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On the Beach (1959)

Approved | | Drama, Romance, Sci-Fi | 17 December 1959 (USA)
After a global nuclear war, the residents of Australia must come to terms with the fact that all life will be destroyed in a matter of months.

Director:

Writers:

(screenplay), (novel)
Reviews

On Disc

at Amazon

Nominated for 2 Oscars. Another 4 wins & 7 nominations. See more awards »
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Cast

Cast overview, first billed only:
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John Tate ...
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Lola Brooks ...
Ken Wayne ...
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Richard Meikle ...
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Joe McCormick ...
Lou Vernon ...
Kevin Brennan ...
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Storyline

In 1964, atomic war wipes out humanity in the northern hemisphere; one American submarine finds temporary safe haven in Australia, where life-as-usual covers growing despair. In denial about the loss of his wife and children in the holocaust, American Captain Towers meets careworn but gorgeous Moira Davidson, who begins to fall for him. The sub returns after reconnaissance a month (or less) before the end; will Towers and Moira find comfort with each other? Written by Rod Crawford <puffinus@u.washington.edu>

Plot Summary | Plot Synopsis

Taglines:

IF YOU Never See Another Motion Picture In Your Life You Must See ON THE BEACH See more »

Genres:

Drama | Romance | Sci-Fi

Certificate:

Approved | See all certifications »

Parents Guide:

 »
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Details

Country:

Language:

Release Date:

17 December 1959 (USA)  »

Also Known As:

La hora final  »

Box Office

Budget:

$2,900,000 (estimated)
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Company Credits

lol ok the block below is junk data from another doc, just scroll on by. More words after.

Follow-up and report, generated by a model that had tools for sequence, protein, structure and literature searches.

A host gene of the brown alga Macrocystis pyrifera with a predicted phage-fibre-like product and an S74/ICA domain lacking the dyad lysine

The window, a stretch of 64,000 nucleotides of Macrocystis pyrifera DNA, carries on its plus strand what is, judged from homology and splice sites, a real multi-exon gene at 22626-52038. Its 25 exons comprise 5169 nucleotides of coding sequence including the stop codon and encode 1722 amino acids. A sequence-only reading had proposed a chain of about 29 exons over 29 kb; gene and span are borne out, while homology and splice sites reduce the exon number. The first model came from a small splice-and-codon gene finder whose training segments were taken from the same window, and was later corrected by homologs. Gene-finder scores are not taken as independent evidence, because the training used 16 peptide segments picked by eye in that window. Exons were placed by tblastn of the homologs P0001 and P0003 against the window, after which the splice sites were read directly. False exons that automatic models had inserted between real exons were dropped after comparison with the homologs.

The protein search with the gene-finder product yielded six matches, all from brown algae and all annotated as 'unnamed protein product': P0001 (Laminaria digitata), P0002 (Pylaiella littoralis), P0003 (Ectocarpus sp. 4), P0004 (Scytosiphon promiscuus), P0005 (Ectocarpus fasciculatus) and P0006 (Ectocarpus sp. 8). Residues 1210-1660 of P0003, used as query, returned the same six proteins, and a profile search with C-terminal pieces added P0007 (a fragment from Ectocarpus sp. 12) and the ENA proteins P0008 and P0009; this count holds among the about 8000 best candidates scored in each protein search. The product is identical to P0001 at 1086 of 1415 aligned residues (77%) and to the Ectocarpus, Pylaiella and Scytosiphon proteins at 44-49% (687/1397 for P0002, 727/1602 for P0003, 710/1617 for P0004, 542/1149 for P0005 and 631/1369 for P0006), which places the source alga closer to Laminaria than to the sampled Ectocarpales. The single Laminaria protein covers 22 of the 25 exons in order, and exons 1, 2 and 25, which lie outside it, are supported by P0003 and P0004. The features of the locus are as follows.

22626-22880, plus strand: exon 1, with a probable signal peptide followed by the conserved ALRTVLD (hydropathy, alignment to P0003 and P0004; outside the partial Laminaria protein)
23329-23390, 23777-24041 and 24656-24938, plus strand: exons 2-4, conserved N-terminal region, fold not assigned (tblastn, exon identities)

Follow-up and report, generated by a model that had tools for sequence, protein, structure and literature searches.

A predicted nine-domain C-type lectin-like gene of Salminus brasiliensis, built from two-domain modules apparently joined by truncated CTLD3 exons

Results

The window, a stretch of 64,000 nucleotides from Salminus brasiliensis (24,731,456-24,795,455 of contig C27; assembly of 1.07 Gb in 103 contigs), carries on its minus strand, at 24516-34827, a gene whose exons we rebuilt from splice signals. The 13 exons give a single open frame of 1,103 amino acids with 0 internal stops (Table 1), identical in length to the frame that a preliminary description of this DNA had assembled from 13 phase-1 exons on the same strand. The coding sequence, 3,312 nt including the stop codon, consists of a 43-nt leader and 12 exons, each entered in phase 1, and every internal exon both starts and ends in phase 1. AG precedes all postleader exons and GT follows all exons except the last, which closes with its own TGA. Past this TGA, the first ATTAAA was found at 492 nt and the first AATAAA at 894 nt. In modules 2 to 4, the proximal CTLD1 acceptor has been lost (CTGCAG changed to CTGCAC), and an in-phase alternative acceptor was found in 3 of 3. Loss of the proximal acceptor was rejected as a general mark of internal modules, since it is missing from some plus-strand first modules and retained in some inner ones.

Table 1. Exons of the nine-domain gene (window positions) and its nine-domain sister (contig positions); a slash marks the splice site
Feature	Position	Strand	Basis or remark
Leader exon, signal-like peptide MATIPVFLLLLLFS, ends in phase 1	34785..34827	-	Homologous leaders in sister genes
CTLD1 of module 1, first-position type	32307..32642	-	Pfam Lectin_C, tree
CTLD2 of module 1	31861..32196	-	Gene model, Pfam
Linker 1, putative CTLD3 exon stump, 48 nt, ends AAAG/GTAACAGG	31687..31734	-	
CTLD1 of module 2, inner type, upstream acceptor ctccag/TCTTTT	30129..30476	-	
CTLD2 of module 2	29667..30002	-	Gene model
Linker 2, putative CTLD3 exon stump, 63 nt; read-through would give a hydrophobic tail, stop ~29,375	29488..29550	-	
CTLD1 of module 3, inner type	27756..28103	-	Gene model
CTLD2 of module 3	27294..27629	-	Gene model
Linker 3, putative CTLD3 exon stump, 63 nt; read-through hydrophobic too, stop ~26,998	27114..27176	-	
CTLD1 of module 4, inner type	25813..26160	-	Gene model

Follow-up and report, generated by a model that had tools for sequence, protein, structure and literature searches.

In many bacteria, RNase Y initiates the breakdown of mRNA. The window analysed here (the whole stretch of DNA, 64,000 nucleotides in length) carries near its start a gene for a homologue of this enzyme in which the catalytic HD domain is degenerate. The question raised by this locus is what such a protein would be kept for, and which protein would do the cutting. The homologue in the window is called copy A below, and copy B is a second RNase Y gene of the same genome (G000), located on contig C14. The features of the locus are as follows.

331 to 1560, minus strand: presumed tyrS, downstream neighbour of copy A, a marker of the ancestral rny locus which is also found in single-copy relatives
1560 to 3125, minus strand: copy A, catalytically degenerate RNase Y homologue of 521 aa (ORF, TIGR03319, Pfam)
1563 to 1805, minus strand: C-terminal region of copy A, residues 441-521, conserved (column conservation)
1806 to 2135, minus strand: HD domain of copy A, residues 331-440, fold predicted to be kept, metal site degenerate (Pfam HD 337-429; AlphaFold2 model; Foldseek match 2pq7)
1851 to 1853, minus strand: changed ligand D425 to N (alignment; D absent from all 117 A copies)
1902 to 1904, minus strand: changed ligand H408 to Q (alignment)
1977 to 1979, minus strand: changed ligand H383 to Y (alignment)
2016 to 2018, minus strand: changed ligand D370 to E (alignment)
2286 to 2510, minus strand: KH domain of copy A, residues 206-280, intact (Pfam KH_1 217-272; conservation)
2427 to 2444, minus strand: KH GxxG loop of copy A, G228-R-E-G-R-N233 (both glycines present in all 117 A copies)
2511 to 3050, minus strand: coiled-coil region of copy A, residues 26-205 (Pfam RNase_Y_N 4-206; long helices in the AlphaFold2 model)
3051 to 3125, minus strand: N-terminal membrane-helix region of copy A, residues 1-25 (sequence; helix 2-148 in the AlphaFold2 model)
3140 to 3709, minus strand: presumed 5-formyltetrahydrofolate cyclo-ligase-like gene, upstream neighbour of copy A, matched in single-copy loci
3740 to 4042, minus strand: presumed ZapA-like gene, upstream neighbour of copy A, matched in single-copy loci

Show detailed on  »

Technical Specs

Runtime:

Sound Mix:

(Westrex Recording System)

Aspect Ratio:

1.66 : 1
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Did You Know?

Trivia

Fred Astaire launched his non-musical, dramatic acting career with this film. See more »

Goofs

Phillip Island Grand Prix. The crash of car no. 31 (Roadster). He spins sidewards, the front wheels clearly point to the left. The set-up for the stunt crash presents the car with front wheels pointing to the right, the driver (dummy) slumped to the left, while the left side is already on fire. Possibly a cable to trigger an explosive device is covered over with a very dark, therefore clearly visible, strip of asphalt. See more »

Quotes

[first lines]
Dwight Towers: Prepare to surface.
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Crazy Credits

and Introducing Donna Anderson See more »

Connections

Referenced in The Unit: Sub-Conscious (2007) See more »

Soundtracks

Waltzing Matilda
Music by Marie Cowan
Lyrics by A.B. 'Banjo' Paterson (as A.B. Paterson)
See more »

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User Reviews

Powerful Without Being Pretentious
14 August 1999 | by (Morristown, NJ) – See all my reviews

"On The Beach", despite it's heavy subject of a nuclear holocaust wiping out all human life, succeeds because Stanley Kramer is mercifully more restrained and less pretentious than he would later be in "Inherit The Wind" and "Judgment At Nuremberg", which are memorable more for their polemics than their characters, in my opinion. Except for one minor speech by Fred Astaire at one point (which as the previous reviewer noted is somewhat ironic in light of the fact that the very thing Astaire rails against, the idea that large nuclear stockpiles could keep the peace, turned out to be absolutely true) the film is for the most part about people and how they react to the knowledge that their world and their lives will soon come to an end. This is what makes the film so compelling as far as I'm concerned. The cast is excellent, with fine performances by Astaire (his first non-musical part), Anthony Perkins and Gregory Peck. But the real strength of the movie is Ava Gardner's touching performance as the lonely, alcoholic Moira Davidson who manages for one brief moment before the end to find true love with Peck. Having read much about her life, there is something almost hauntingly autobiographic in Gardner's portrayal, and that only adds to the movie's overall poignance.


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